Connecticut solar companies and cities begin to settle property tax dispute


Via Energy Information Network: Connecticut cities are negotiating settlements with solar developers over dozens of disputed property assessments on residential solar installations. Solar companies filed about 200 lawsuits in recent years, challenging local assessors’ interpretation of a state law they say was intended to exempt residential solar installations from property taxes. However, ambiguous language has led some cities to adopt tax systems that feed electricity into the grid or are owned by third parties.

At least half a dozen of the roughly 20 cities facing such lawsuits have proposed pending settlements, according to state court records. And the city of Stratford has resolved all of its cases, according to Christopher Tymniak, the city’s chief administrative officer. Although the details of the regulations have not yet been released in most cases, in those that have been released, the cities agree not to tax the systems in the future. It is not known if they refund the money already paid by the developers.

“All cities and all plaintiffs have been referred to mediation with Judge Ron Kowalski,” said Benjamin Proto, an attorney representing multiple cities. “He’s literally taking these towns city by city and trying to come to terms with each one.”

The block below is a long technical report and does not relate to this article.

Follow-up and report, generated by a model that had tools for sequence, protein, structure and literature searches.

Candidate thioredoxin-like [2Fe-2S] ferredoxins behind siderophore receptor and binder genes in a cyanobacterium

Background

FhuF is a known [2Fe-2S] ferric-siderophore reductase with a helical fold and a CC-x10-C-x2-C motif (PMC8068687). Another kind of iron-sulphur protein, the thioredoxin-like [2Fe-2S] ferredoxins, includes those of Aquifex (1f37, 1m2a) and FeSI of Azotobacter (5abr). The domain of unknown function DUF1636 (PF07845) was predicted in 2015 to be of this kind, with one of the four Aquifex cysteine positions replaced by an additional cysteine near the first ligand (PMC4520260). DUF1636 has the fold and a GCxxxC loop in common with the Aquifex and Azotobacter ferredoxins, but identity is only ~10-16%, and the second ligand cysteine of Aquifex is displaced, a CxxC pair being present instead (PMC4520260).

Cities and solar developers have been in a legal stalemate for several years over how to interpret a state status which grants a property tax exemption to renewable energy sources that generate electricity for “private residential use”.

As of 2017, a small minority of assessors began to interpret this to mean that only solar panels owned by an owner and/or generating electricity solely for the property are exempt, while those feeding into the grid or belong to a third party are not.

They began assessing property taxes on solar panel systems in which the owner relied on leases or power purchase agreements – the vast majority of systems in Connecticut. In some cases, facilities were assessed after having been previously exempted.

Solar companies began filing lawsuits, arguing that the law was meant to apply equally to leased and net-metered systems. This post was supported by Senate Majority Leader Bob Duff, who chaired the Energy and Technology Committee at the time the exemption was passed.

Efforts to resolve the problem through a legislative solution have so far failed. Lawmakers are trying a new approach this session.

Previous bills expressly exempted all residential signs in the future, while allowing cities to keep the tax revenue they had already collected on those signs. A bill – HB 6106 — approved last month by the Planning and Development Commission clarifies that the exemption applies to solar installations participating in net metering and/or owned by a third party.

“I think the bill has a good chance of getting out of the House because it just says that in the future you can’t municipally tax solar panels,” said Rep. Joseph P. Gresko, one of the sponsors. “Let the rest play out in court. If cities want to settle, they can try to settle.